What does he do for an encore?
Tales from the Trail
from Photographers' Blog:
The White House East Room has been, through the decades, the site for countless ceremonies, speeches and historic moments. I have lost count of the number of times I have covered events in there, but on Tuesday, the most historically important moment in the young presidency of Barack Obama unfolded in the most packed working conditions I have ever seen in that grand room. Hundreds of invited Congressmen and women, who each had a hand in bringing about the health care reform bill, sat shoulder-to-shoulder and right up against the stage. Along with dozens of photographers, journalists and television crews, there wasn’t room to breathe and this presented a rare challenge for those that regularly cover the White House – the chance that you may not even see the event taking place!
Senate Majority Leader Harry Reid proudly proclaimed on Wednesday that the “historic healthcare reform is now no longer a bill it is the law.”
Health at a Glance 2009, a report by the OECD, shows that the United States spends more on healthcare than any other country.
Here are some figures on what leading economies spend on health care per capita, both in public and private schemes. The latest figures are from 2007 and are adjusted for purchasing power parity.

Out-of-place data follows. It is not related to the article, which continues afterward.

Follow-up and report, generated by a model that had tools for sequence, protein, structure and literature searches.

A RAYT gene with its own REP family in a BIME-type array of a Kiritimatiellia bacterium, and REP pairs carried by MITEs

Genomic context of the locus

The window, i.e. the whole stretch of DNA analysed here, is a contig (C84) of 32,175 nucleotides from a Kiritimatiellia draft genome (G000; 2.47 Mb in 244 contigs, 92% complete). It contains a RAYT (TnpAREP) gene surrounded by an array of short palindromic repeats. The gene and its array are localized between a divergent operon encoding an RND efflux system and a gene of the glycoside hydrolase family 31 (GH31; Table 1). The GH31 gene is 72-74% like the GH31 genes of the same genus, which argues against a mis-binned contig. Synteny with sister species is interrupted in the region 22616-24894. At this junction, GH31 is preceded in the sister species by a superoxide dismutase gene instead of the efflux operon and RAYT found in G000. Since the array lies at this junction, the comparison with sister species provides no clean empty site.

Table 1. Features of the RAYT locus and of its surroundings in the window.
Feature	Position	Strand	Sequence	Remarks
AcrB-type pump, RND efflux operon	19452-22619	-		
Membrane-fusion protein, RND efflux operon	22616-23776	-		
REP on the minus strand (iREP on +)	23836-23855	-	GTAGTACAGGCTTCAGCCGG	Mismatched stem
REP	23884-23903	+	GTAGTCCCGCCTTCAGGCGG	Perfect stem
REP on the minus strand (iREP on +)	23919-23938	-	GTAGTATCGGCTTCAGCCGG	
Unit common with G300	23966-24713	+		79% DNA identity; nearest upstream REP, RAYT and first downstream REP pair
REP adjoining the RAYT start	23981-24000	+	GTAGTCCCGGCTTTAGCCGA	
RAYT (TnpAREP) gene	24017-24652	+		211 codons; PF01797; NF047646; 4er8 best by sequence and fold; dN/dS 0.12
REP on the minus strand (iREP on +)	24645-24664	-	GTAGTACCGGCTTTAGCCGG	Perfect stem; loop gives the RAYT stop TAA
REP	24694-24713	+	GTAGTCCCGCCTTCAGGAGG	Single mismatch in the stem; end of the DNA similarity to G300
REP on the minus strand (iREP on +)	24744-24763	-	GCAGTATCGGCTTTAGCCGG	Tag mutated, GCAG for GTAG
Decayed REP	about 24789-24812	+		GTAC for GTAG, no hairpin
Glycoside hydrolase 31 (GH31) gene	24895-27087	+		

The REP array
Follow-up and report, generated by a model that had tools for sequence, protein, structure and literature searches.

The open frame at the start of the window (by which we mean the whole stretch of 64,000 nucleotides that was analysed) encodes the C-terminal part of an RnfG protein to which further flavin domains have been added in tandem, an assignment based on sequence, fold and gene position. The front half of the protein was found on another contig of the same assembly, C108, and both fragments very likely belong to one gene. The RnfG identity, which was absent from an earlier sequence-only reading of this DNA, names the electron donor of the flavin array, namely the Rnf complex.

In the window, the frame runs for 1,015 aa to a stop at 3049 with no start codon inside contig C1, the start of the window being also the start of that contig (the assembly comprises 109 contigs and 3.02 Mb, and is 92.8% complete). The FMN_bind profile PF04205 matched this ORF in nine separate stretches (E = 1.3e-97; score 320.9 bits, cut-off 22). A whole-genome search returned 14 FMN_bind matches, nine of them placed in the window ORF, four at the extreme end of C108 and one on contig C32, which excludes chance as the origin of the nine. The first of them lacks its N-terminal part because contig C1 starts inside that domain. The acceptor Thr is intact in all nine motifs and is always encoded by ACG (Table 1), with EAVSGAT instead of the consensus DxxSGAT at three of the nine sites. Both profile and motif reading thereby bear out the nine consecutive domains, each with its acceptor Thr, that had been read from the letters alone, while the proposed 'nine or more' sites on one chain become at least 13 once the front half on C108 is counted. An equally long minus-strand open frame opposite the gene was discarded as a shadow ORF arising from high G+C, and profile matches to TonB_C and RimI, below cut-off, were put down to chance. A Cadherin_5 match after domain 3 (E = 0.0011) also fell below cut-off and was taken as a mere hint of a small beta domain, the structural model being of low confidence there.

Republican Senator Tom Coburn is obviously a big fan of Thomson Reuters. He cited Thomson Reuters reports throughout his presentation at the White House healthcare summit.
President Barack Obama’s bipartisan healthcare summit is taking on the trappings of a diplomatic visit, complete with a gilt-edged setting at Blair House, the federal style mansion where foreign heads of state stay when they’re in Washington.
What did students in Saudi Arabia want to ask Secretary of State Hillary Clinton about? Republican Sarah Palin.
Think today’s U.S. Senate election in Massachusetts could be bad news for President Obama? Then consider what pollsters are saying now about the healthcare reform debate’s potential effect on the November congressional elections.
President Barack Obama is weathering a political storm over last month’s suspected al Qaeda plot to bomb a Detroit-bound plane, particularly from Republicans who say he dropped the ball on security while pursuing healthcare and climate reforms. But how much substance there is behind the allegations may depend on who’s talking.